Saudi Arabia's new foreign minister on Friday said the recently announced government reshuffle is part of Saudi Arabia's transformation plans, rejecting the Kingdom was in crisis and his predecessor was demoted. Prince Abdullah bin Bandar bin Abdulaziz was appointed to head the powerful National Guard, while other princes were named as provincial rulers. The Cabinet shakeup is seen as a boon for the crown prince by placing loyalists in key positions. Hamad al-Sheikh, a royal court adviser and former college dean who studied in the USA, was appointed minister of education.
The younger princes who were named to the Cabinet and as provincial governors represent the "new generation of royalty", according to Mohammed al-Sheikh, a minister also seen as a key member of the crown prince's team. The king also ordered the creation of a national space agency to be led by one of his other sons, Prince Sultan bin Salman, a former astronaut.
After days of uncertainty, Khashoggi was killed in the consulate premises in what Saudi Arabia's then Foreign Minister Adel al-Jubeir had described as a "rogue operation" led by two officials - the Deputy Intelligence Chief Ahmad al-Assiri and the Royal Court Adviser Saud al-Qahtani - who have since been sacked. The reshuffle comes as Saudi Arabia seeks to fix its tarnished image after Khashoggi's murder, widely seen as its worst diplomatic crisis since the September 11, 2001 terrorist attacks on the United States, in which most of the hijackers were identified as Saudi nationals. "You can not delink Khashoggi from any developments, though government reshuffles are customary every four years", said Mohammed Alyahya, a senior fellow at the Gulf Research Centre.
Justice Ruth Bader Ginsburg released from hospital after cancer surgery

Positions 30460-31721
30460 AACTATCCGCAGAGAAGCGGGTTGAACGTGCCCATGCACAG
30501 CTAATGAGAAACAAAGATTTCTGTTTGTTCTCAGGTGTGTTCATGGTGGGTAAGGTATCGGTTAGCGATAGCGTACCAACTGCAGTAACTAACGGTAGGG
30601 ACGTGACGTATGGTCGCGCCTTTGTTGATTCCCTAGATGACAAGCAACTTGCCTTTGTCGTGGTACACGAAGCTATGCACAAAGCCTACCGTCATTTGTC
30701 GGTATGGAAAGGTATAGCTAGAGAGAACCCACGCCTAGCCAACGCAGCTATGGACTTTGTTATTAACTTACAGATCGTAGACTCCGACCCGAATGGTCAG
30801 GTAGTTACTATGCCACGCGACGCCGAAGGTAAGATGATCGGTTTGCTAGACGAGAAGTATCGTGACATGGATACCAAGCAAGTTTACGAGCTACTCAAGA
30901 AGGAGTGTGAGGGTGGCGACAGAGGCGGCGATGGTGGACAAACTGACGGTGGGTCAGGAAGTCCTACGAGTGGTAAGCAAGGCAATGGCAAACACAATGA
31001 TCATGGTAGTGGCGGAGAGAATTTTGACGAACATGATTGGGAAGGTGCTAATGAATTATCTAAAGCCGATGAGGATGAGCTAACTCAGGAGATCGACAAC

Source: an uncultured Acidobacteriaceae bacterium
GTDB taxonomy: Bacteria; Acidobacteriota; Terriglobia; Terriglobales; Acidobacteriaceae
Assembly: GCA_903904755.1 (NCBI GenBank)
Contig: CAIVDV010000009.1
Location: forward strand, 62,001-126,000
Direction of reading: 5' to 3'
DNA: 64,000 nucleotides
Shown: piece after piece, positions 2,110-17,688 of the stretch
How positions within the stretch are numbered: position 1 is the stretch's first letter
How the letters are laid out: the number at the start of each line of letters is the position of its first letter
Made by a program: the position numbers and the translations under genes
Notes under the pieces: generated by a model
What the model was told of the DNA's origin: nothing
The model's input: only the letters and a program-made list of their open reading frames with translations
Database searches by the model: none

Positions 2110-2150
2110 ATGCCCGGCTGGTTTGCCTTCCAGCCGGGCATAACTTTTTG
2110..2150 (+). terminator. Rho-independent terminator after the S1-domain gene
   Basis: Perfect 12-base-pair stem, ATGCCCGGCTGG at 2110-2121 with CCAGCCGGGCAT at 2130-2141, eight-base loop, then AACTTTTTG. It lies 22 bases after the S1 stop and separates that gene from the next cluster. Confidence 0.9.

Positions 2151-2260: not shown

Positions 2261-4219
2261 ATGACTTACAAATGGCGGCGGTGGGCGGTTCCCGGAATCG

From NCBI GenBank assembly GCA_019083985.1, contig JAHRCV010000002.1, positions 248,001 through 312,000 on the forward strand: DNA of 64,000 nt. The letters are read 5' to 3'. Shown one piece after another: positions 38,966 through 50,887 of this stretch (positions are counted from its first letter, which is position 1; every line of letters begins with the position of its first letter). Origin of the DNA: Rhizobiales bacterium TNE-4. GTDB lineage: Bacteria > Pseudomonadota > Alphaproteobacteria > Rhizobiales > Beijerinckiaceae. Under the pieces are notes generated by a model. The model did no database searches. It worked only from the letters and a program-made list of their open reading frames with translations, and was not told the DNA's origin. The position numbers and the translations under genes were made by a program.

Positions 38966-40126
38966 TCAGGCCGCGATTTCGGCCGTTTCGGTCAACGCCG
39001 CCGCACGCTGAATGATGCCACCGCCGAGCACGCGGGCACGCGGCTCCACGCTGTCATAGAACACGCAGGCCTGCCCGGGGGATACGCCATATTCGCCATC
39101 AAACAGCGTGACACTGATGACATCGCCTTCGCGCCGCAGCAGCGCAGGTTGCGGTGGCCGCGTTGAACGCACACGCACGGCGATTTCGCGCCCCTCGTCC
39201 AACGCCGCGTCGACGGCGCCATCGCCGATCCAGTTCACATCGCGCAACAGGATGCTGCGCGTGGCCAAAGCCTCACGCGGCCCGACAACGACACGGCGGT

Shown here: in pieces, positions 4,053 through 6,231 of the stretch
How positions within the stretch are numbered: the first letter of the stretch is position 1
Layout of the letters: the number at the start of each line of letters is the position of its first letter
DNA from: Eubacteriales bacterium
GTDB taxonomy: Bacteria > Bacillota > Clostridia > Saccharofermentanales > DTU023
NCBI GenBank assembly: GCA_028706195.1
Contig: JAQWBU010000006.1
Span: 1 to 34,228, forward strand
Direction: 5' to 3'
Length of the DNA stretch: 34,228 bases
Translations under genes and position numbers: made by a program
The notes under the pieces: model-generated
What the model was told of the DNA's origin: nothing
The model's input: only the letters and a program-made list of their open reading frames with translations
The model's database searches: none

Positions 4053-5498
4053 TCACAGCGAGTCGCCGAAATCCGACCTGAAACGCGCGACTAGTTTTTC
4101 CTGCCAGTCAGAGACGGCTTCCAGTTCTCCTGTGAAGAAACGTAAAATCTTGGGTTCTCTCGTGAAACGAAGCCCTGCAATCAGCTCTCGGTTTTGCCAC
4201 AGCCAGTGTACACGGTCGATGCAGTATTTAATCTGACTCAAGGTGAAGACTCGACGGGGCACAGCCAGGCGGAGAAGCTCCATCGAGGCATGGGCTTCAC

The Supreme Court justice underwent treatment for colorectal cancer in 1999 and was treated for pancreatic cancer in 2009. Ginsburg, 85, had two cancerous nodules removed from her left lung Friday at Memorial Sloan Kettering hospital in NY .
Kamran Bokhari, a foreign policy specialist at the University of Ottawa's Professional Development Institute, said Thursday's reshuffle is part of a "public relations" drive, meant to show "that the government is not just running amok killing its own citizens in consulates, and that there is serious reform underway". Al-Jubeir blamed Khashoggi's killing on rogue Saudi agents; he also previously characterized the worldwide outcry over Khashoggi's murder as "fairly hysterical". Some had predicted in recent weeks that the response would include a government shake-up that might also provide more seasoned counsel to the 33-year old crown prince. He is set to maintain his political and security posts after Thursday's reshuffle, including that of defence minister.
His appointment ended, for now, speculation that the post would be filled by Prince Khalid bin Salman, a younger brother of the crown prince who serves as the Saudi ambassador to the United States and has faced criticism for his early denials about a Saudi role in Khashoggi's disappearance.